Supported by generous help from the Turnovsky Endowment Trust

Martin Riseley and Diedre Irons – a partnership of substance

By , 04/07/2010

Wellington Chamber Music Sunday Concerts Series

Martin Riseley (violin) / Diedre Irons (piano)

Music by SCHUBERT, STRAVINSKY, CORIGLIANO and KREISLER

Ilott Theatre, Town Hall, Wellington

Sunday 4th July 2010

I’d hoped initially that Martin Riseley and Diedre Irons would give us Schubert”s heartwarming C Major Fantasia for Violin and Piano – the one that liberally quotes from the composer’s song “Sei mir gegrüsst” – but instead we got something darker and leaner, the Rondo in B Minor, D.895, a work whose intensely-focused moods and organically-motivated transitions throughout present a highly-concentrated dialogue between equal partners, at once demanding and rewarding to play and to listen to. Right from the beginning the performers plunged into the fray – Martin Riseley and Diedre Irons are both “big” players, chamber musicians who can think orchestrally when the music requires a large-scale declamatory response, while keeping the overall picture in mind – so we enjoyed the opening’s stern, imposing piano chords, and the agitated string figurations, and how the tensions seemed to mould themselves most naturally (though not completely) into a more lyrical, somewhat introspective mood. Riseley and Irons kept an undertow of unease going, so that we sensed the inevitablilty of things returning to come to a head – strong exchanges, again, very “orchestral” and full-blooded, the moment of dancing liberation into the Allegro a treasurable frisson of hesitation overcome by impulsiveness (I would take issue with the writer of the otherwise excellent programme-notes using the expression “seamlessly” to characterise that gorgeously teasing transition!).

Throughout the Rondo section, Riseley and Irons never shirked the music’s dynamic contrasts, realising the work’s volatility, the violin writing in particular requiring repetitive figurations of almost obsessive intensity in places, and the piano part visited with its own demands involving rapid alternations of poise and vigour, lyricism and exhilaration. I loved the composer’s surprising “false ending” at one point, the music seeming to deliver penultimate cadences before dancing away on its voyage of recapitultion, with a few variables thrown in a second time round, pianist and violinist equally relishing the opportunities to revisit and revitalise the experience. The occasional strained intonation in Riseley’s playing served to define the interpretative limits to which he was prepared to push the music to get the message across, and certainly helped convey the work’s ever-burgeoning excitement and sense of ultimate arrival – thoroughly invigorating!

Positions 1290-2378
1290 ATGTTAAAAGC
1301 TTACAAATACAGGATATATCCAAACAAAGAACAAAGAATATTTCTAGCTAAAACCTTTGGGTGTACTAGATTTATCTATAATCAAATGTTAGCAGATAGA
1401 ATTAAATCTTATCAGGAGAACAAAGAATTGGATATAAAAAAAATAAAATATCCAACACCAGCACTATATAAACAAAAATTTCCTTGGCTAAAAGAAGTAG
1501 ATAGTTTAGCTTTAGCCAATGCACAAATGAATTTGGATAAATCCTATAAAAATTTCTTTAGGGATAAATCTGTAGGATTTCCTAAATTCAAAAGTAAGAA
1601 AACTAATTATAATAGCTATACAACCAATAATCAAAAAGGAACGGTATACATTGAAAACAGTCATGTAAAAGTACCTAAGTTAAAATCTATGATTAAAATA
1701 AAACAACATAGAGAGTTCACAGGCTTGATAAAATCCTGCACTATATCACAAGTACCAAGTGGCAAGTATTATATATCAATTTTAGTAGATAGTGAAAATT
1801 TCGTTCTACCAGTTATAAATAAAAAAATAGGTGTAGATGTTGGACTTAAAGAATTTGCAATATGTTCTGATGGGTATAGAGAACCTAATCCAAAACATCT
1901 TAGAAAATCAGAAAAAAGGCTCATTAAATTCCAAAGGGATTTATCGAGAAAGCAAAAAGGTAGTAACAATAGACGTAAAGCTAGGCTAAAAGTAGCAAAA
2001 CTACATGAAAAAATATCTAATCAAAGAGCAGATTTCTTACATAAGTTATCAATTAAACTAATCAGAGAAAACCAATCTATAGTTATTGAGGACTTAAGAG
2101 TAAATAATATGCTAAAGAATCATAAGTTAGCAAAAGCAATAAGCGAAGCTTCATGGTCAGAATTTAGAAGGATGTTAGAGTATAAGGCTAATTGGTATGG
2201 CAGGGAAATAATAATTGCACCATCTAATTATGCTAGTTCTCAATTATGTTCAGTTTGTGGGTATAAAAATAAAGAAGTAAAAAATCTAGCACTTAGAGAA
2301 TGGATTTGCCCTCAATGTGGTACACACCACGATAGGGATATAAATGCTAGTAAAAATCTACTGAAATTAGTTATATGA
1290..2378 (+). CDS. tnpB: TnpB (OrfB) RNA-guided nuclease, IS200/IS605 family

Stravinsky’s Divertimento for Violin and Piano comes largely from the music for his own ballet Le baiser de la fee (The Fairy’s Kiss), which is, in turn, a reworking of music by Tchaikovsky, mostly from his songs. Throughout, the music’s fragmentary, spiky character was given a no-holds barred response from both vioinist and pianist, the moments of lyricism and melancholy associated with some of the Tchaikovsky originals spiced with Stravinsky’s fondness for both pesante rhythms and accents and increasingly complex neo-classical metric changes and dynamic contrasts, the formula roughing up the music no end. What came across most strongly in this performance was a sense of story, of rich descriptive detail, of expression and narrative taking centre-stage, so that even if some of the music’s angularities produced a performance effect outside one’s listening-comfort zone, the end result was at the service of the composer and his music.